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Environmental innovation that serves society
Changes for making the most of urban biowaste
| News| 25/04/2017

Verònica Martínez | Fundació ENT

The last report from the Ellen MacArthur Foundation on Urban Biocycles [1] highlighted the opportunities of a bioeconomy based on the energy, nutrients and materials embedded in the biowaste of cities (i.e. organic fraction of municipal solid waste streams and wastewater in urban environments). However, to exploit such opportunities key aspects should be changed in the whole life-cycle of biowaste, from the production of  agricultural products until their final treatment/disposal.

First of all, there is a need to move from a linear production-consumption-disposal flow towards a circular one in which organic matter and nutrients are fed back into the land to keep their circles alive. Nutrients are currently extracted (in the form of agricultural products) to be transported long distances from their sources where they are processed, consumed and disposed of. This one-way linear flow of nutrients causes scarcity in the soil (reducing its capacity to support growth) and excess on water bodies (causing eutrophication). This imbalance is often addressed with intensive agricultural practices (based on non-renewable mineral fertilizers and pesticides) that in the long-run can exacerbate both problems.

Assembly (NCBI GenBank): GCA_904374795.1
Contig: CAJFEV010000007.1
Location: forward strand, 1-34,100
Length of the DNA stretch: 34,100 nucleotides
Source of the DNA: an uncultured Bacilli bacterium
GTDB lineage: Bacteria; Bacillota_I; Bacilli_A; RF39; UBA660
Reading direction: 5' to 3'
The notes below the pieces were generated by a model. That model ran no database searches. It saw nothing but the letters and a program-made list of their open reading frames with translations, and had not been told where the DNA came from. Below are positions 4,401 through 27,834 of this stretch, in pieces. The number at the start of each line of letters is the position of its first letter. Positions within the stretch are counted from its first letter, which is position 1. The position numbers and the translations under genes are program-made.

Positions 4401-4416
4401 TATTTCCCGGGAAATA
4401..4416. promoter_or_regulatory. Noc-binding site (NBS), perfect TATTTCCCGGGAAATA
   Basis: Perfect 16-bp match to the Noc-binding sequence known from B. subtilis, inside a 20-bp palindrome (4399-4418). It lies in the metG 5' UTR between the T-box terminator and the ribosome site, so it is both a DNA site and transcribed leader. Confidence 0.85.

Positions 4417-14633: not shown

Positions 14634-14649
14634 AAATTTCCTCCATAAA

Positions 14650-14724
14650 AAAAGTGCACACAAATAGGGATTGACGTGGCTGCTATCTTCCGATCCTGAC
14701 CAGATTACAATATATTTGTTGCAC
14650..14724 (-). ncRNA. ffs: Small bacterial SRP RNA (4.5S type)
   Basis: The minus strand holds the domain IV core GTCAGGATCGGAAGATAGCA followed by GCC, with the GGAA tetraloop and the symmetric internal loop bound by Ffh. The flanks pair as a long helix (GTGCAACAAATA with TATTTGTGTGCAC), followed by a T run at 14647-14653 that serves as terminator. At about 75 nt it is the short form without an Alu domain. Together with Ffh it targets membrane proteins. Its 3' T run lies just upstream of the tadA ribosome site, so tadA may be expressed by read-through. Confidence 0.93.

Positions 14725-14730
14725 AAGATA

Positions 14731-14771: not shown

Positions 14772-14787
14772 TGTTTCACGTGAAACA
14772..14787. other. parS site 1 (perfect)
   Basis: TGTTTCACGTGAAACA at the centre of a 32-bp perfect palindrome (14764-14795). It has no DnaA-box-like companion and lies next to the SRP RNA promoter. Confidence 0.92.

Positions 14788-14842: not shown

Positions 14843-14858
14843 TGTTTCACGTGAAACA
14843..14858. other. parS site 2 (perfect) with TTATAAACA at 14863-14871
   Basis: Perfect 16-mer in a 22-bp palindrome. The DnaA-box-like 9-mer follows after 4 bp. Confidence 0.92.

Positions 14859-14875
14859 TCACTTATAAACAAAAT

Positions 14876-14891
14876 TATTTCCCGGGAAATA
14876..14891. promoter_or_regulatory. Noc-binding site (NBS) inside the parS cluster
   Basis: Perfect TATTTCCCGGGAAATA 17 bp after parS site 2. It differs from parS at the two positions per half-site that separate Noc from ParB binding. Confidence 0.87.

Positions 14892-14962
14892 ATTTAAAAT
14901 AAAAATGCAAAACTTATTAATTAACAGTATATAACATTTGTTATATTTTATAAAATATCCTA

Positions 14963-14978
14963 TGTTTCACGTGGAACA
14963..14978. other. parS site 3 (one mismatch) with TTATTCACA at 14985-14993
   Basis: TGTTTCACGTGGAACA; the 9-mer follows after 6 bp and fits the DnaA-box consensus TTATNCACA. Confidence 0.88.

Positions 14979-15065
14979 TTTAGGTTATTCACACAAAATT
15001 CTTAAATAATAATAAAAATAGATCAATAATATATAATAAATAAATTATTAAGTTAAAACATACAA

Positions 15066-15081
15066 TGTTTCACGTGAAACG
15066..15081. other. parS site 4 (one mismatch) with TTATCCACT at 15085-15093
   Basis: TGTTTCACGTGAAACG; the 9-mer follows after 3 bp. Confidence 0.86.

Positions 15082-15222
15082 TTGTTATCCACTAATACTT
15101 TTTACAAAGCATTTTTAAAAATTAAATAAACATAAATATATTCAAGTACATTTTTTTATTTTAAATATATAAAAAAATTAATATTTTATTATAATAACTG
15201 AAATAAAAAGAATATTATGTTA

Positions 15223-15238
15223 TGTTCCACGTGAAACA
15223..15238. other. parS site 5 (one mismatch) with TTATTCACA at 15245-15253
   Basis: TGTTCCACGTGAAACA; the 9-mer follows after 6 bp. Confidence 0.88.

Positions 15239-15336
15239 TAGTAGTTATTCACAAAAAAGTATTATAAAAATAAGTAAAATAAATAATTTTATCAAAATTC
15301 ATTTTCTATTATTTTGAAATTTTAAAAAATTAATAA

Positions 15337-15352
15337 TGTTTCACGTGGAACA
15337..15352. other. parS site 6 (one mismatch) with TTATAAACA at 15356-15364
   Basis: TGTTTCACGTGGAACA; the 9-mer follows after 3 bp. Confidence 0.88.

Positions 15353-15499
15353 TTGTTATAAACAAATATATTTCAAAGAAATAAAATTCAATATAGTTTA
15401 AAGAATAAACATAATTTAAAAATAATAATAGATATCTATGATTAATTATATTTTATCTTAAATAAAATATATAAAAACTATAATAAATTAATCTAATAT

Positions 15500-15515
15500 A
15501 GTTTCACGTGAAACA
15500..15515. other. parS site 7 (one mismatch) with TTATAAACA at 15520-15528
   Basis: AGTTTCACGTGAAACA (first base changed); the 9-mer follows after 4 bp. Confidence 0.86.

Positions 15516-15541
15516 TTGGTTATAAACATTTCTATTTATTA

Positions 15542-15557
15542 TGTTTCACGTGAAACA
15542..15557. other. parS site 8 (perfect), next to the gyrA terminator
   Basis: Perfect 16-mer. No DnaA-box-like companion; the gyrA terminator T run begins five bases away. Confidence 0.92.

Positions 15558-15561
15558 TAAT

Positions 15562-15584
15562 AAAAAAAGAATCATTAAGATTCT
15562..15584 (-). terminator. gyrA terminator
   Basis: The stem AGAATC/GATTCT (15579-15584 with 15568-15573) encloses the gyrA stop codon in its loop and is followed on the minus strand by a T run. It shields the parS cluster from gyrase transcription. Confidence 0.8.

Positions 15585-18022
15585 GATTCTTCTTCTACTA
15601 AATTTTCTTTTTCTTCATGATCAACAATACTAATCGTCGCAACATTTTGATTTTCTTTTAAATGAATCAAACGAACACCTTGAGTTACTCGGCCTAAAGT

In order to put bio-based nutrients and organic matter back into the land, without high costs of transportation both in economic and environmental terms, distances between production-consumption-recovery units should be reduced. This could be achieved with the decentralization of productions as well as recovery facilities coming closer to the consumer. By moving from large centralized production/recovery units towards smaller decentralized ones, these units which are critical for nutrient cycles would become more flexible and adaptable to local changes contributing to more resilient urban areas.

Such proximity between nutrients (and organic matter) harvesting, consumption, recovery and return back to the land could increase awareness/knowledge about the usefulness of the biowaste thrown away every day in our kitchens. Changing the perception of biowaste from a burden towards a valuable resource could enhance the biowaste sorting activities carried out by households and commercial activities, a key aspect in improving nutrient and organic matter cycles in cities.

During the next three and a half years, the multidisciplinary consortium of the DECISIVE Project [2] will address the abovementioned and other aspects in order to render decentralised bio-waste management schemes possible and viable for implementation. The main outcomes of the project will be:

  • Novel, eco-designed and marketable technologies including a micro-scale anaerobic digestion treatment process and a solid-state fermentation process to treat the digestate produced by the anaerobic digestion plants and provide valuable bio-based products such as biopesticides.
  • A decision support tool dedicated to local authorities and environmental service companies, and comprising of a holistic method for assessing the life-cycle sustainability of biowaste management options for specific urban areas.

[2] This project has received funding from the European Union’s Horizon 2020 research and innovation program under grant agreement No 689229